Read the full story from Binghampton University.

Since 1999, more than 9 billion music CDs have shipped in the U.S. That’s not counting worldwide sales, DVDs, software discs or videogames. Sadly, discarded CDs end up in landfills with negative environmental consequences.

New research from Binghamton University’s Thomas J. Watson College of Engineering and Applied Science offers a second life for CDs: Turn them into flexible biosensors that are inexpensive and easy to manufacture.

In a paper published this month in Nature Communications, Matthew Brown, PhD ’22, and Assistant Professor Ahyeon Koh from the Department of Biomedical Engineering show how a gold CD’s thin metallic layer can be separated from the rigid plastic and fashioned into sensors to monitor electrical activity in human hearts and muscles as well as lactose, glucose, pH and oxygen levels. The sensors can communicate with a smartphone via Bluetooth.

Washing dishes with superheated steam more effective, earth-friendly

Read the full story from AIP Publishing.

Conventional dishwashers often do not kill all the harmful microorganisms left on plates, bowls, and cutlery. They also require long cycle times that use large quantities of electricity, and the soap pumped in and out is released into water sources, polluting the environment.

Superheated steam dishwashers could provide a more effective, environmentally friendly solution. In a recent article published in Physics of Fluids, researchers from the Technical University of Dortmund and the Technical University of Munich simulated such a dishwasher, finding that it killed 99% of bacteria on a plate in just 25 seconds.

Brightmark launches medical waste recycling program with Jamar Health products

Read the full story at Recycling Today.

Brightmark, a global waste solutions provider based in San Francisco, and Jamar Health Products, a Wisconsin-based health care product manufacturer, have announced a strategic partnership to recycle plastic medical waste.  

Brightmark says it provides a sustainable and circular solution for chemically recycling and converting Jamar’s proprietary Patran slide sheets, made of low-density polyethylene and high-density polyethylene, into low-carbon fuels and the building blocks for circular plastics.  

Health sector causes 10% of greenhouse gas emissions, report finds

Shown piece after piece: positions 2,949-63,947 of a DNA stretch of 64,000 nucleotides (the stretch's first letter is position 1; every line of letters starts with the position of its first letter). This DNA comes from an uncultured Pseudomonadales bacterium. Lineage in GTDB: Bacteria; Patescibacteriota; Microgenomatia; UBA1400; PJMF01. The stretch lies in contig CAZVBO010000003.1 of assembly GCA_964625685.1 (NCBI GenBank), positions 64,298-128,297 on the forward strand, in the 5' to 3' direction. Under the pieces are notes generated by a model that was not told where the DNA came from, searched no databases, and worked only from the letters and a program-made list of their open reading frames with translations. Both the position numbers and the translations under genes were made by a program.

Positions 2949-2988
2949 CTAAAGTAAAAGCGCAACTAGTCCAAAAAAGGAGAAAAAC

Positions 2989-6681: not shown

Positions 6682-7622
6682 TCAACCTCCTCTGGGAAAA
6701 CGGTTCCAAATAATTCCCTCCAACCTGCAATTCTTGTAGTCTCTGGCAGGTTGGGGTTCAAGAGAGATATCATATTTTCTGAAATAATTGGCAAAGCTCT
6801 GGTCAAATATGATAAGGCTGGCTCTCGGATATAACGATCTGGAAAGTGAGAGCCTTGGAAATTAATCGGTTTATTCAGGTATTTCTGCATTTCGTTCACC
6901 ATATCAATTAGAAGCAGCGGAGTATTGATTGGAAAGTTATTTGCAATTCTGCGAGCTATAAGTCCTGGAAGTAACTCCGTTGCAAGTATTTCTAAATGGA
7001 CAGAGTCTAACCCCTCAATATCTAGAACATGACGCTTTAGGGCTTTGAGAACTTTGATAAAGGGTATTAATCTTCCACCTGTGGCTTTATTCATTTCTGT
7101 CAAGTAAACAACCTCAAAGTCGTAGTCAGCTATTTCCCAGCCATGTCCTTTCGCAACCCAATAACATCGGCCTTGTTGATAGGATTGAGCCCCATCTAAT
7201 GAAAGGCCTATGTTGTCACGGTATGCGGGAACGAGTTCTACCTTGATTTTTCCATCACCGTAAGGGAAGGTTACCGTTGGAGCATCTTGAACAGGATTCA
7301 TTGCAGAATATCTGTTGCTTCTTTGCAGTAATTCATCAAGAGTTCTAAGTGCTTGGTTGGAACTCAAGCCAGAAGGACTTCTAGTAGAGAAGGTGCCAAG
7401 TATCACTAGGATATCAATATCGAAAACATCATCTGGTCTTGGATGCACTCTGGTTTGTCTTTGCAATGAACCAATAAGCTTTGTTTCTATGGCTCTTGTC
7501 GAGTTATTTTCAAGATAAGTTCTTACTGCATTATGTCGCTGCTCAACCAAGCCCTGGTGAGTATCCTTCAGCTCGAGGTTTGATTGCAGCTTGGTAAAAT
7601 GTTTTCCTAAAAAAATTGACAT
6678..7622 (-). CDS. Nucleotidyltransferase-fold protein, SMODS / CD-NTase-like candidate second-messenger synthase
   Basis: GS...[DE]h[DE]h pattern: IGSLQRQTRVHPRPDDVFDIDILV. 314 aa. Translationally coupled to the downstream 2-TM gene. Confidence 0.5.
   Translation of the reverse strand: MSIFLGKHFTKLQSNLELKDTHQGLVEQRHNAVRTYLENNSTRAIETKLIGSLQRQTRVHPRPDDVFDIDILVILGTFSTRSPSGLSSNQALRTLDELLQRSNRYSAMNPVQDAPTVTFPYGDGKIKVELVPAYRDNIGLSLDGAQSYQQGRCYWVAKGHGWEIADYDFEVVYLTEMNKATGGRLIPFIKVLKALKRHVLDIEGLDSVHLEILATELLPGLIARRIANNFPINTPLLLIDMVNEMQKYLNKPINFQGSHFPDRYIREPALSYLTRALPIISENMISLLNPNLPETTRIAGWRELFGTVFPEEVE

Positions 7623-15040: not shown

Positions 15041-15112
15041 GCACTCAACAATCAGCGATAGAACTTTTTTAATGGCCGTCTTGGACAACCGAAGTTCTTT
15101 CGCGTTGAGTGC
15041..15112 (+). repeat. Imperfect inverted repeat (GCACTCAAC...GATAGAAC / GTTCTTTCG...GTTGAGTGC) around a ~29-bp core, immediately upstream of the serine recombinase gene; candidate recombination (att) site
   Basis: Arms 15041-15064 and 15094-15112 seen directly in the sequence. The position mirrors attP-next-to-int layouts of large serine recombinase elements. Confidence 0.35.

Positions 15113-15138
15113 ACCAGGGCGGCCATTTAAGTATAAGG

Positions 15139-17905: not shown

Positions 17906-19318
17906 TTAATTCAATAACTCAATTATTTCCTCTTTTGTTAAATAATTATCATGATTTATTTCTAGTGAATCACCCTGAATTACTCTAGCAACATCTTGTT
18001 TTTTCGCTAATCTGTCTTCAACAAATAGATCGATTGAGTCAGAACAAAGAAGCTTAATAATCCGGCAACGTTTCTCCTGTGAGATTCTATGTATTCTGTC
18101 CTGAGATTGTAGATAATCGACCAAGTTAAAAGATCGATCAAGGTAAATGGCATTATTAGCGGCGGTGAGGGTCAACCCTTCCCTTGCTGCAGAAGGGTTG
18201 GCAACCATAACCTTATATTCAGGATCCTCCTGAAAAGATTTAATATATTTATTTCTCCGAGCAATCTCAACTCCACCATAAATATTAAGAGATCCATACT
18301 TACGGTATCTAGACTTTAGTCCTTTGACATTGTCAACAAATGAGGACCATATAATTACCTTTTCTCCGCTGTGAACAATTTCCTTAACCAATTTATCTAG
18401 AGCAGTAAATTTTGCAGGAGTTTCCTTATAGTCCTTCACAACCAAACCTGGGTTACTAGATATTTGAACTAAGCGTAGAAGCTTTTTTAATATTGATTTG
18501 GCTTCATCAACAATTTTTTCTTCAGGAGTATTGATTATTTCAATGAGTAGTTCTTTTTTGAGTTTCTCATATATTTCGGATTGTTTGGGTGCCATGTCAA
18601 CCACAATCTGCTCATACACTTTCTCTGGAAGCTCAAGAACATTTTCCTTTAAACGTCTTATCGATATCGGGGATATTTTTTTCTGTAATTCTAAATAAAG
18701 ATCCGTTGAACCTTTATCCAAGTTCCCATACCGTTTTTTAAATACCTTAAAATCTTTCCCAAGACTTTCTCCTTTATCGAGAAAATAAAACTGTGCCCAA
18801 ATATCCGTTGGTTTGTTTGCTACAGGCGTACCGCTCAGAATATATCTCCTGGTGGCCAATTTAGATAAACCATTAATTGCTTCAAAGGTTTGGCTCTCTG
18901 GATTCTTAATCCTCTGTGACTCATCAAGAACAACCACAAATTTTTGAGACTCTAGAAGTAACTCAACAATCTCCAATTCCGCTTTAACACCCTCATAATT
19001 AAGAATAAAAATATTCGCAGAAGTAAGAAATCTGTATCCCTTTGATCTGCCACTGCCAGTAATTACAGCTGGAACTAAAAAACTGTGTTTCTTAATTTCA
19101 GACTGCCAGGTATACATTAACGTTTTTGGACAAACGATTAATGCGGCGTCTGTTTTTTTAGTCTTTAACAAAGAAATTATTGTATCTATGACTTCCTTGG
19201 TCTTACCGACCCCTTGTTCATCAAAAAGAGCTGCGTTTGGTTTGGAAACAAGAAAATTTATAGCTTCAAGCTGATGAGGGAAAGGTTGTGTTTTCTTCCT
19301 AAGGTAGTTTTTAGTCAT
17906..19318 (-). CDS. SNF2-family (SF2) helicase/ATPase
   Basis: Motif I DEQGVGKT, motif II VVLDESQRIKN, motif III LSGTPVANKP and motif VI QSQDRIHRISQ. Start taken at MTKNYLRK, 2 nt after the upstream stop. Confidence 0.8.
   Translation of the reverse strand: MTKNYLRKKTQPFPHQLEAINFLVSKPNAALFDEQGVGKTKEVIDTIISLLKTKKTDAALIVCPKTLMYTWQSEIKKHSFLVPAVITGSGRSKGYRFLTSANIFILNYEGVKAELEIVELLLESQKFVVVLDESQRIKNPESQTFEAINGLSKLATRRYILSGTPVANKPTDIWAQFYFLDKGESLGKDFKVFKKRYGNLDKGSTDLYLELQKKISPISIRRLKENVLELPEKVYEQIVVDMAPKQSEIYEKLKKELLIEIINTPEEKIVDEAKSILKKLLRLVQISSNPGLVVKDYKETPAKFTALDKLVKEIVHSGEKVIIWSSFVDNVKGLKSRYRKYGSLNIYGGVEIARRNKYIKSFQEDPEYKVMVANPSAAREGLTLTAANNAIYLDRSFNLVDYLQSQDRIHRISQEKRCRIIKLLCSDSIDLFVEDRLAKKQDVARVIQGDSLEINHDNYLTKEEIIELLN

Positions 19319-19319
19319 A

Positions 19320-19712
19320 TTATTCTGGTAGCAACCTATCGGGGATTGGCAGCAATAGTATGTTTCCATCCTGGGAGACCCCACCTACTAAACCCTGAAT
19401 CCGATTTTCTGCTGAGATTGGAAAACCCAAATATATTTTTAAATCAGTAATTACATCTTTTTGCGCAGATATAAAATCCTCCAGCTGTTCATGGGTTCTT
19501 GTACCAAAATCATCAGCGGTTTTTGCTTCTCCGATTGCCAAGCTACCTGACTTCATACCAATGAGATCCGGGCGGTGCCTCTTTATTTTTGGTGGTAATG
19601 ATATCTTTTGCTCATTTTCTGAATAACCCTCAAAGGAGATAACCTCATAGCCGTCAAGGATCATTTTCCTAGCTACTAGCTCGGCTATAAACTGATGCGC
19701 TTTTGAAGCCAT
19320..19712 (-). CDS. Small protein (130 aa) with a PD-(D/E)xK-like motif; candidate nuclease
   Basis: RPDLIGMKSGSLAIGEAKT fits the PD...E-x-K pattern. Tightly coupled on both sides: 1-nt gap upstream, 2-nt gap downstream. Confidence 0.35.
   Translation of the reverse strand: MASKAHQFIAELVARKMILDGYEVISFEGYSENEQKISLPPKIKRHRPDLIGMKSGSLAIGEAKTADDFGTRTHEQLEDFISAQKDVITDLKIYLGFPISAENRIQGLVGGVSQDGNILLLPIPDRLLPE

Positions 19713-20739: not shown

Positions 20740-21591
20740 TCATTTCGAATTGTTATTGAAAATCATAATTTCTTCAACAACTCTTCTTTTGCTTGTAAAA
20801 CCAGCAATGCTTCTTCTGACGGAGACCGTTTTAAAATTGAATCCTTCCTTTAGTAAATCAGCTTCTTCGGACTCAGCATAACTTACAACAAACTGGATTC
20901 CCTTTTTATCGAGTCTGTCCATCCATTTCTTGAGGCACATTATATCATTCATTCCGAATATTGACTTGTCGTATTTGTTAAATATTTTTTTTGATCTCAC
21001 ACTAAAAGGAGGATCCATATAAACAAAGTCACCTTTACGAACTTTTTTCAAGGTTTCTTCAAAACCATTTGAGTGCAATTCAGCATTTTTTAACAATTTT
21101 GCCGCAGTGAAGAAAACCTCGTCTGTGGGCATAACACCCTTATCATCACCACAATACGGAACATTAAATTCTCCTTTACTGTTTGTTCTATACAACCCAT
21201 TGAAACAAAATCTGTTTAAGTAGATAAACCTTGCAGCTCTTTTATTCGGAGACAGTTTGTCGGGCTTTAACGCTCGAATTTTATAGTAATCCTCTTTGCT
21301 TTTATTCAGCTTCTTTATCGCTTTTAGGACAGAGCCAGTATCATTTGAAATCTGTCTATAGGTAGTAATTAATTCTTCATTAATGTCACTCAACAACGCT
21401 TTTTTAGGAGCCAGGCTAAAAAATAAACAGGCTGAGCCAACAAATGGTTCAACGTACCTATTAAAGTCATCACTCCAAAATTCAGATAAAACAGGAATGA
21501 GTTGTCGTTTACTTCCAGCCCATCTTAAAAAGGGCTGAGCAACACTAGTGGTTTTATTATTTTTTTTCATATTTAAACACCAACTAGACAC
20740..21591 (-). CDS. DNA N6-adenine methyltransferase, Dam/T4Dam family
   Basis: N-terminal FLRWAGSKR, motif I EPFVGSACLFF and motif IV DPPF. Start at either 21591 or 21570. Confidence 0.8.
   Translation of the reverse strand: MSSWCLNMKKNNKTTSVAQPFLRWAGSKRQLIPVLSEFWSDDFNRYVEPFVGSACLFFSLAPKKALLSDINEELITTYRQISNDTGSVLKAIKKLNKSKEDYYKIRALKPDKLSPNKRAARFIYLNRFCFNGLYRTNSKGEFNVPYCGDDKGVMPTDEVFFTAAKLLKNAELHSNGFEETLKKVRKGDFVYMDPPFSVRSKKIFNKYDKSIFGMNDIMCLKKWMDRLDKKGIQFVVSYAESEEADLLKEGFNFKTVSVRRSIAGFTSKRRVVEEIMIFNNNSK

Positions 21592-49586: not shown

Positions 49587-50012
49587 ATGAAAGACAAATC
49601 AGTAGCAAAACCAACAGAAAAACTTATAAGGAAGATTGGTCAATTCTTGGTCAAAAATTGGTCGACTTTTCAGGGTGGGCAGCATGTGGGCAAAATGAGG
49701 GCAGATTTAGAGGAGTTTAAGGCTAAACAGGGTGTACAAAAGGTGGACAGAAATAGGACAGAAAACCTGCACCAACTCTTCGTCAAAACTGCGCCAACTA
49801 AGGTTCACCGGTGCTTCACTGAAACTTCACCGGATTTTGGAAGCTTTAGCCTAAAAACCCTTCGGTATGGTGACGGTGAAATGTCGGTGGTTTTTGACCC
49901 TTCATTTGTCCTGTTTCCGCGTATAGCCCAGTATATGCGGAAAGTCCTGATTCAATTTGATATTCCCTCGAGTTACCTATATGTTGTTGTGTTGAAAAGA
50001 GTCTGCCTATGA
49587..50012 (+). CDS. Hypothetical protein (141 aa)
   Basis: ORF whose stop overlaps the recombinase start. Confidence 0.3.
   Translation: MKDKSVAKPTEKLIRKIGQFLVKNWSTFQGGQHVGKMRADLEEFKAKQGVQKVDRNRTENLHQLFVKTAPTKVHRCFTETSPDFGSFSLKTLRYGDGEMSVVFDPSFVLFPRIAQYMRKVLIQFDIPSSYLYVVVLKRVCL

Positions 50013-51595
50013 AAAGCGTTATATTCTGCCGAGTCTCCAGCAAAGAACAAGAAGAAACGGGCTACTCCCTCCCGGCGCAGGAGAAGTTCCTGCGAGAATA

Read the full story at Health Care Dive.

The U.S. healthcare system is responsible for an estimated 10% of national greenhouse gas emissions, which cause extreme weather events and contribute to worse health outcomes, according to a new report from the House Ways and Means Committee.

The healthcare system is now experiencing the damaging effects of climate-related weather events that will continue to disrupt operations and take a severe financial toll. Failing to establish the infrastructure to track and reduce health sector greenhouse gas emissions will accelerate the impact, it said.

In a survey of health systems conducted for the report, a majority of respondents (54 out of 63) said they had experienced at least one extreme weather event in the past five years. The cost of repairing damages from the event was in the millions for many respondents.

Prescribing solutions for medical plastics

Read the full story in Recycling Today.

Efforts to address plastic devices used in health care include recycling, depolymerizing, even refurbishing some devices.

Hospitals use less fossil fuel but energy use hasn’t slipped much

Read the full story at Environment + Energy Leader.

Over the past 25 years, hospitals have decreased fossil fuel use, but electricity use isn’t declining as much. According to a survey by Grumman|Butkus Associates, the average combined Btu/ft2 (electricity plus gas/steam) for participating facilities was 236,743 in this year’s survey, up from 233,491 in 2019.